A few weeks after the licensing system was introduced, several groups approached the government with proposals for larger-scale mining on a royalty basis, as was common practice in Britain. Fitzroy recognised that more complex regulations were needed if the fields were rich enough to support a permanent mining industry. The licensing scheme applied to alluvial mining (essentially panning for gold in rivers and streams) but detailed regulations for draining ponds and mining quartz (that was crushed to extract the gold) were worked out between July and September 1851 with waterholes worked on a licence basis and quartz mining based on royalties of 10%. In November 1851, revised regulations allowed companies to mine a quarter of a mile either side of the vein and this often took in alluvial areas where independent diggers worked. Discussions by the Executive Council and then the Legislative Council resulted in the Goldfields Act 1852 that permitted licences or royalty payments for large-scale alluvial mining if machinery was used. Licences and royalties were reduced the following year but by mid-1853 most of the larger mining companies had collapsed or abandoned their claims because of the high cost of working alluvial sites and the absence of promising quartz locations. The various government regulations to control companies between 1851 and 1853 do not appear to have stimulated significant growth in large-scale mining, and may have inhibited it.
Angus Flat Gold Mining Company, Forest Creek, Victoria
The approach that colonial government took to licensing, at least initially, was ambivalent and, perhaps as a result, there was less opposition than in Victoria. The first regulations made no mention of penalties and the more comprehensive regulations of 7 October 1851 established a double licence-fee for those caught evading the rules but did lay down procedures for enforcement. Despite widespread criticism from the Sydney Morning Herald and from members of the Legislative Council in 1851 and 1852, the government appeared willing to accept an element of licence evasion until the Goldfields Act of December 1852 clarified the situation by specifying fines and the destruction of mining equipment for those unlicensed diggers. The lack of clear guidance until late 1852 led to arbitrary conduct with commissioners destroying some diggers’ equipment and dragging unlicensed miners off to gaol resulting in unfavourable comments in both the Empire and the Bathurst Free Press.  The extent of this harassment is unclear and commissioners often ignored unsuccessful unlicensed diggers during the winter of 1852 that had been disastrous because a long wet season had frequently halted digging. Neither the Sofala protest meeting  on 17 November 1851 nor the petition of the Turon River miners of 8 February 1853, in the immediate aftermath of the new regulations mentioned the behaviour of the commissioners though they were critical of the system.  Enforcement of the new regulations was not heavy-handed and potentially difficult situations were defused by the tactful attitude of the gold commissioners.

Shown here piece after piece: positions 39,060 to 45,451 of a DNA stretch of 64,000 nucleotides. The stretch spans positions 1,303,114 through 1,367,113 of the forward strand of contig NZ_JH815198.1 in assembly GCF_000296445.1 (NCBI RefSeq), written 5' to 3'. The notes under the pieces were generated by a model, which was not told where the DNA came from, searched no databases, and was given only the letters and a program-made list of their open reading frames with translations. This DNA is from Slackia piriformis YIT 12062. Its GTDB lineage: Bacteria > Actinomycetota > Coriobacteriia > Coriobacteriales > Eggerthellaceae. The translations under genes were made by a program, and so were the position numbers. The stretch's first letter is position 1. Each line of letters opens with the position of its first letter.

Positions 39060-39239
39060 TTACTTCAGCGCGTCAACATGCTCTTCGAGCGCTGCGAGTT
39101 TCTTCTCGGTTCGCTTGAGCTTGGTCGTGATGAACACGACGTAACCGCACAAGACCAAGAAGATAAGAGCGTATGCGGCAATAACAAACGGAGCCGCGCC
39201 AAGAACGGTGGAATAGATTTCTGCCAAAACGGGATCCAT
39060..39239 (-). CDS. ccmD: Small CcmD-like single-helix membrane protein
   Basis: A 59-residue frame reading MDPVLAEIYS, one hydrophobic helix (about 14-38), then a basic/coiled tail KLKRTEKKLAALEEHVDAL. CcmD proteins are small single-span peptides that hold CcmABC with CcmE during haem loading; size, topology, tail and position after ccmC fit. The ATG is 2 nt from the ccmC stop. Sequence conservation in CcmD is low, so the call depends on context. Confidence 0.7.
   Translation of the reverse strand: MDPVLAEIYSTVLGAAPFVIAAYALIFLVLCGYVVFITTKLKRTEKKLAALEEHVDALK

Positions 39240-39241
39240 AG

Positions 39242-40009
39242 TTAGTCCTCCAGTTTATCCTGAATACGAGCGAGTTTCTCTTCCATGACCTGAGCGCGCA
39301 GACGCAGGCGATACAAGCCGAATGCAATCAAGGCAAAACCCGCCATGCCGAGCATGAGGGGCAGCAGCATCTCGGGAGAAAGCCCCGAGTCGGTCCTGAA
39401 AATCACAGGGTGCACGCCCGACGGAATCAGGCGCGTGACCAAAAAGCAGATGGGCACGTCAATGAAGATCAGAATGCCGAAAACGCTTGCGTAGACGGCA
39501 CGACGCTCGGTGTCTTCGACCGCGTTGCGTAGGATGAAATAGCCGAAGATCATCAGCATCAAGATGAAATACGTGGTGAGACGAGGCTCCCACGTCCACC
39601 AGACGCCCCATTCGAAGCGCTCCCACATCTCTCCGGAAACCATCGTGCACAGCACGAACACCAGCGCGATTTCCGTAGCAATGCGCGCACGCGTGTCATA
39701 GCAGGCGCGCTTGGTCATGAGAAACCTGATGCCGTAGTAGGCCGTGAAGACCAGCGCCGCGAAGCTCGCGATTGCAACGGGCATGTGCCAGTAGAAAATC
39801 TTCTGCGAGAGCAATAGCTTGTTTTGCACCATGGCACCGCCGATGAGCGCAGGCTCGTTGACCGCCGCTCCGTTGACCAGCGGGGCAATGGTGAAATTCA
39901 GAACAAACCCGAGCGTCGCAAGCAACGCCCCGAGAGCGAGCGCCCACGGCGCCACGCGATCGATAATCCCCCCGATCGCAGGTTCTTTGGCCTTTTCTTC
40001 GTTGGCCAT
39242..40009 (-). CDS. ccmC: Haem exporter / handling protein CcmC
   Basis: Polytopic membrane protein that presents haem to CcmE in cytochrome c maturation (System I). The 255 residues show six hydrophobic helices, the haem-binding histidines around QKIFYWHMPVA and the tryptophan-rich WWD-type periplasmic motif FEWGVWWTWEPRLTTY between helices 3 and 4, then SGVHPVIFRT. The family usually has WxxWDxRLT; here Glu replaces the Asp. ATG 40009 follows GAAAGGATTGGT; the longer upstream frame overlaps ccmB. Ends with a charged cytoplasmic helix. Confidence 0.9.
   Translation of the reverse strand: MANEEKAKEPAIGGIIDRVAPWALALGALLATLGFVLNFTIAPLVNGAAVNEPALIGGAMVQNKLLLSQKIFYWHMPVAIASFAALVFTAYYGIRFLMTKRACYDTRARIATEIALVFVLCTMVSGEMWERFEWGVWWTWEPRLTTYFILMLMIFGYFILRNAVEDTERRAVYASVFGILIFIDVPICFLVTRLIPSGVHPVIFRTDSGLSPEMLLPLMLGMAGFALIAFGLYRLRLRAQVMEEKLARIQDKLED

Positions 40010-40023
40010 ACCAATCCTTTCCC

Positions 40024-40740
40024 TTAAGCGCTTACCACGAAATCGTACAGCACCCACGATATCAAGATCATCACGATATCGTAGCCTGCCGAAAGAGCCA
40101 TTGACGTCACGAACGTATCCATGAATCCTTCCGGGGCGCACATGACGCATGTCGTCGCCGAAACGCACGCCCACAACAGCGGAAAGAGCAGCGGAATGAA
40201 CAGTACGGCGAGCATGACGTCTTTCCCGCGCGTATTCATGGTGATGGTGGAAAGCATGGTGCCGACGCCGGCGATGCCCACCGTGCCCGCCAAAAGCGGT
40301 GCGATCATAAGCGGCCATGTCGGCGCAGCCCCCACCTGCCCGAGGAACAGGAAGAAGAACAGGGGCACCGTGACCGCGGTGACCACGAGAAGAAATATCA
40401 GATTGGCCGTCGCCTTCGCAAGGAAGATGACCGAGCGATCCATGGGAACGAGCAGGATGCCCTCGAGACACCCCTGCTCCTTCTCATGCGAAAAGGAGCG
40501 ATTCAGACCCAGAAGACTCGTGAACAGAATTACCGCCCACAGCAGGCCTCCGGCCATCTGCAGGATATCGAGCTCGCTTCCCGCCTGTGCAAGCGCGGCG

The approach in NSW to both licensing and royalties did not represent a radical departure from existing practice. In fact, the government was slow to develop a systematic approach to enforcement of licences and generally the diggers did not believe they were victims of an oppressive and arbitrary system. In February 1852, after major disturbances had taken place in Victoria, the Sydney Morning Herald, always eager to pour scorn on the sister colony, contrasted the sluggishness and indecision of the Melbourne authorities with ‘the successful example of our own government’.  By contrast, larger-scale mining was subject to more effectively enforced regulation though it took the colonial government over a year to recognise that there was a clash of economic interests on the fields especially over alluvial mining.